Tag Archives: habit

Old Habits Die Hard

The secret of training, as many top athletes have said, is not dedication or motivation,, but habit. You don’r drag yourself into a November night because you are dedicated or motivated; you do it because you have established a habit.

At the moment I cannot help myself and have sat down at the blog to write. I will not, however, post it until Sunday.

I can’t really complain, because when I started the blog I did it partly to practice writing and establish a writing habit. I think I have succeeded in that ambition. The other part of the plan, to promote the Quercus Community group, did not go quite so well.

“C’est la vie”, as Chuck Berry said, it goes to show you never can tell.

On my return from work, I found the lighting subdued, the temperature cool and the air still. There were three bumblebees on the teasel in the front garden and, with it being cool and still, they were more inclined to pose for me than they had been last night. I was able to use both hands on the camera and work close to the bees without them taking flight.

I can’t see myself having to attend any awards ceremonies in the near future, but at least it’s progress. Looking on the bright side, if you don’t get prizes, you don’t need to polish them. One thing I do need to improve on, as the photos show, is learning which end is which. I would not like to be known to posterity as the man who took pictures of bumblebee’s bottoms.

Doh!

Despite what I said, I just pressed the button automatically and posted on Saturday night.Old habits, as I have already said, really do die hard.

Shakespeare, St George and the Calcutta Light Horse

I have now managed 102 consecutive days of posting. It’s an example of habit taking over. You sometimes hear about it when athletes are interviewed on TV when the interviewer refers to dedication in training and the athlete responds that it’s just about establishing a habit.

That much is true: training is just a habit. However, I’m not trying to make it sound easy. The habit bit is easy, but simply turning up for training doesn’t guarantee success. That is where the dedication comes in. And the luck, the talent, the work ethic, the…

As I’ve said before, quantity is no guarantee of quality. It also means that I’ve resorted to posting at five past midnight just to ensure that I’m credited with a post for that day. It has also led to me writing things in advance and, as mentioned here, posting by accident. That was a simple button pushing error.

Here, I wrote a post and automatically pushed the button, which means I posted several times yesterday. If I’d pushed the button 15 minutes later it would have been OK, but I ended up posting just before midnight, so I posted three times yesterday and need something for today.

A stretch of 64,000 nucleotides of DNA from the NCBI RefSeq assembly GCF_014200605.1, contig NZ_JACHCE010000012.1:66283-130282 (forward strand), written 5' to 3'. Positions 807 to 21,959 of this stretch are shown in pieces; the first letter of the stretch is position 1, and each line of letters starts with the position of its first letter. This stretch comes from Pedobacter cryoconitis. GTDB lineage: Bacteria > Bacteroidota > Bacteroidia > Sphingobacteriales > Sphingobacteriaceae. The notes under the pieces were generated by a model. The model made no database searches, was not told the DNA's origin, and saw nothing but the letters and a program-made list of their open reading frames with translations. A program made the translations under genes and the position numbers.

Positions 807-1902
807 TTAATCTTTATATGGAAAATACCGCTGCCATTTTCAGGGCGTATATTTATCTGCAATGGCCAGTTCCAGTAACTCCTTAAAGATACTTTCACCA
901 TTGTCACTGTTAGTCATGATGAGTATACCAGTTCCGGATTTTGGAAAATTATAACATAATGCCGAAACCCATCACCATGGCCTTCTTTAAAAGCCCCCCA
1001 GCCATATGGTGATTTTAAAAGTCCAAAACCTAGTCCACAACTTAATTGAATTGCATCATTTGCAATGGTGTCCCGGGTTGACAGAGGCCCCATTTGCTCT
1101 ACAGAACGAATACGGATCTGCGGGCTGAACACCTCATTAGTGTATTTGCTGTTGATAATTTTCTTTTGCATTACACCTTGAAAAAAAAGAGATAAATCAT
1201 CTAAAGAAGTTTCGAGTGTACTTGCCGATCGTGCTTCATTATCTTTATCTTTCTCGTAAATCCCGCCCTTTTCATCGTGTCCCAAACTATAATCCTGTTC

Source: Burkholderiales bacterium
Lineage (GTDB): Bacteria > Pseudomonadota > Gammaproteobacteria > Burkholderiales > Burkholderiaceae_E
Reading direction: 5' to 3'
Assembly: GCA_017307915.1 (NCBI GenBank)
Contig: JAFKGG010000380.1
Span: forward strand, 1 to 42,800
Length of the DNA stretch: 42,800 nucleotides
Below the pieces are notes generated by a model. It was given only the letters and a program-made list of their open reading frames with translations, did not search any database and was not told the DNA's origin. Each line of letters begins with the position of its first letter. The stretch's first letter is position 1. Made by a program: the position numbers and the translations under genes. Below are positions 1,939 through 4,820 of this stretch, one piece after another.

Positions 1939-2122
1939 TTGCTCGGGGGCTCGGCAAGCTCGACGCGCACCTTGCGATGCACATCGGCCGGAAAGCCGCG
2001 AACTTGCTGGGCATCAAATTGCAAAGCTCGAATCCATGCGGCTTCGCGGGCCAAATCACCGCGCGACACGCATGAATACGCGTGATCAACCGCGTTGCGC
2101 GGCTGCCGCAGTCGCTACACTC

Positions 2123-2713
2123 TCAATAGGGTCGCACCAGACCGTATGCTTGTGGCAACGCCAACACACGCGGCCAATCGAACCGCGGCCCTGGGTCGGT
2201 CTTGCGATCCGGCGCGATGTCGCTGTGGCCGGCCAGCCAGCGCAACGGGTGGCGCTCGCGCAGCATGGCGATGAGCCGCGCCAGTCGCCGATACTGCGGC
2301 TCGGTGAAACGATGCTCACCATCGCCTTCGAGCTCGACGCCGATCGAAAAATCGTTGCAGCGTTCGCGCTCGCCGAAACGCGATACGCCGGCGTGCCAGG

It’s St George’s Day today, and if Labour win the election it will be a public holiday, as will St David’s Day, St Patrick’s Day and St Andrew’s Day. That’s March 1st, March 17th, April 23rd and November 30th. I don’t know about you but I really don’t need days off in March and November. As for 23rd April, we already have Easter, which moves, May Day and Late Spring Bank Holiday  (which used to be Whitsun). That would be three Bank Holidays in 5 weeks. Well, it would be in England and Wales, it’s different in other parts of the UK.

Even more confusingly, whilst re-enacting the Battle of Dunbar, I found out that Haddington in Scotland also follows some English holidays.

It’s also the 99th Anniversary of the Zeebrugge Raid. It wasn’t necessarily a great strategic success, but it’s a good story. The Hundred Year’s War didn’t end particularly well but we still have Henry V.

There are some interesting sidelights on the raid. It was, for instance, the last time a VC Ballot was held. The VC is unique amongst British decorations in that if a unit performed in a particularly valorous manner the participants are allowed to vote on who they think should be awarded a VC. That way you limit the number given out, and they go to people who really deserve them.

One of the casualties of the raid was Wing Commander Frank Brock of the fireworks family. Amongst other things he invented the machinery to produce the smokescreen for the raid.

Another participant was Bill Grice. He lied about his age to join the Royal Navy and was Mentioned in Despatches for his part in the raid. Thirty years later took part in another daring raid with the Calcutta Light Horse. This link has more details – there’s a bit of a proofing issue with this article but it’s better than some of the others out there. The man who took his glass eye out before the action started was called Bill Manners. When volunteering he’d asked if the glass eye would be a problem. Grice said it hadn’t been a problem for Nelson…

There were no decorations for the 1943 raid, though Grice was played by David Niven in The Sea Wolves.

I’m already running on, and haven’t even started on Shakespeare’s Birthday or the likely consequences of having a public holiday on St George’s Day. I’ll have to cover them on another day.